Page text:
Are too many people moving out of Illinois?
This week, Illinois Senate Minority Leader Christine Radogno said there are.
“To me that is one of the most alarming statistics that we have right now because we are No. 2 in the country for people leaving our state,” she told the Sun-Times Editorial Board on Tuesday. “Why is that? There is a lot of theory about that, but at the end of the day, what we have been doing is causing people to leave. We need to do something to keep them.”
Illinois had a net loss of nearly 40,000 people between July 1, 2012, and July 1, 2013, according to U.S. Census data released in January.
Radogno said a University of Illinois study concluded that most of the people who leave are doing so to find jobs. Many of them are in their 30s or 40s, and are taking their families with them, she said. Others leave because they want to retire to a warmer state, she said.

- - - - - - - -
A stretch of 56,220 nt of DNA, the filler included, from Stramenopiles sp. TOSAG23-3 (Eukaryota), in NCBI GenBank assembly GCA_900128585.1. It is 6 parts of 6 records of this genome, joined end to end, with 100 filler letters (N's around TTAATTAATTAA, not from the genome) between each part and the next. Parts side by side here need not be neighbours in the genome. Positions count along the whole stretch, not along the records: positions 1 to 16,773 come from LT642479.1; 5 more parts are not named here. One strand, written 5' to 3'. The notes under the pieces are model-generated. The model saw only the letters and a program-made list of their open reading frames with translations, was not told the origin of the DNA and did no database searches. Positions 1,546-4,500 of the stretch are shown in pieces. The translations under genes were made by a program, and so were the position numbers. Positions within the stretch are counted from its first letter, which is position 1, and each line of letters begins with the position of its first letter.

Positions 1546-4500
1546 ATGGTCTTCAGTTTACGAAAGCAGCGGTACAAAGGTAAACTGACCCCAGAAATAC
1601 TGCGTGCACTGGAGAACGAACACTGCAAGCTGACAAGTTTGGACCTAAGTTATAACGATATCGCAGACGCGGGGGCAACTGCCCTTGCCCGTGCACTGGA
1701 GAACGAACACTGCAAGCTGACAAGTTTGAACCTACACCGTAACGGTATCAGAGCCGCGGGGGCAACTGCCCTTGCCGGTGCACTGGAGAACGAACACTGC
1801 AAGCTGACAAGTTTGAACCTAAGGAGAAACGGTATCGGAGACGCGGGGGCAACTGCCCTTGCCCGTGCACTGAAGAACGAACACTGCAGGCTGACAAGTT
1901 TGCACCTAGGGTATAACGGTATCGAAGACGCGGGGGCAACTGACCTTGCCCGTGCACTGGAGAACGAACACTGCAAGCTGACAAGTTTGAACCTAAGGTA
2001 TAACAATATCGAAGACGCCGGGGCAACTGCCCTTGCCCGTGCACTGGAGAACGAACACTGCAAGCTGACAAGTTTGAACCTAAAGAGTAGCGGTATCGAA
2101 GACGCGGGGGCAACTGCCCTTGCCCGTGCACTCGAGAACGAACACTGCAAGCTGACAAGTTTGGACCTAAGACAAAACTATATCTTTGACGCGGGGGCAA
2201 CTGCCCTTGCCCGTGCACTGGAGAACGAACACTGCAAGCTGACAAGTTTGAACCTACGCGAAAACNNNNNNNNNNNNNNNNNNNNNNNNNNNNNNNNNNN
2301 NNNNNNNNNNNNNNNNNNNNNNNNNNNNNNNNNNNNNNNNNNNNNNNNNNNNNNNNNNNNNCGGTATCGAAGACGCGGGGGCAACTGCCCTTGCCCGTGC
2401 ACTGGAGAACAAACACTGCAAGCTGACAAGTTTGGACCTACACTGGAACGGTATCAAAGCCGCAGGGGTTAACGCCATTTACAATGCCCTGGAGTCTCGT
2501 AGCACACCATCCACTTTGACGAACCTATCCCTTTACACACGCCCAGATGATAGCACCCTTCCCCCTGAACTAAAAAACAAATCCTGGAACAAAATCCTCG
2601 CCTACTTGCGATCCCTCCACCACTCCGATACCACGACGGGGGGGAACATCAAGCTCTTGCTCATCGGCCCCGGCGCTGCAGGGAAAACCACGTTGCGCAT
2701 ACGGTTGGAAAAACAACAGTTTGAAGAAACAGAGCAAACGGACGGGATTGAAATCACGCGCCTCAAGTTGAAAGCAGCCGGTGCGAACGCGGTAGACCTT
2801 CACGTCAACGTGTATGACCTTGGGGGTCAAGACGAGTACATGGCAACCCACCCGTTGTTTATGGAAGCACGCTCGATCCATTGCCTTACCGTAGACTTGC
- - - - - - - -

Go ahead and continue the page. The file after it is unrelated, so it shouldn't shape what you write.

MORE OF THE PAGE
Radogno also cited two business-friendly priorities she said could help businesses in the state provide jobs.
“The top one is to stabilize,” she said. “Let us not talk about a new tax every other day. Workers comp reform is [also] something I hear about from businesses across the state.”
According to the 36th annual study by United Van Lines released earlier this year, most of the 10 states that had the highest outward migrations were in the Northeast or Great Lakes regions.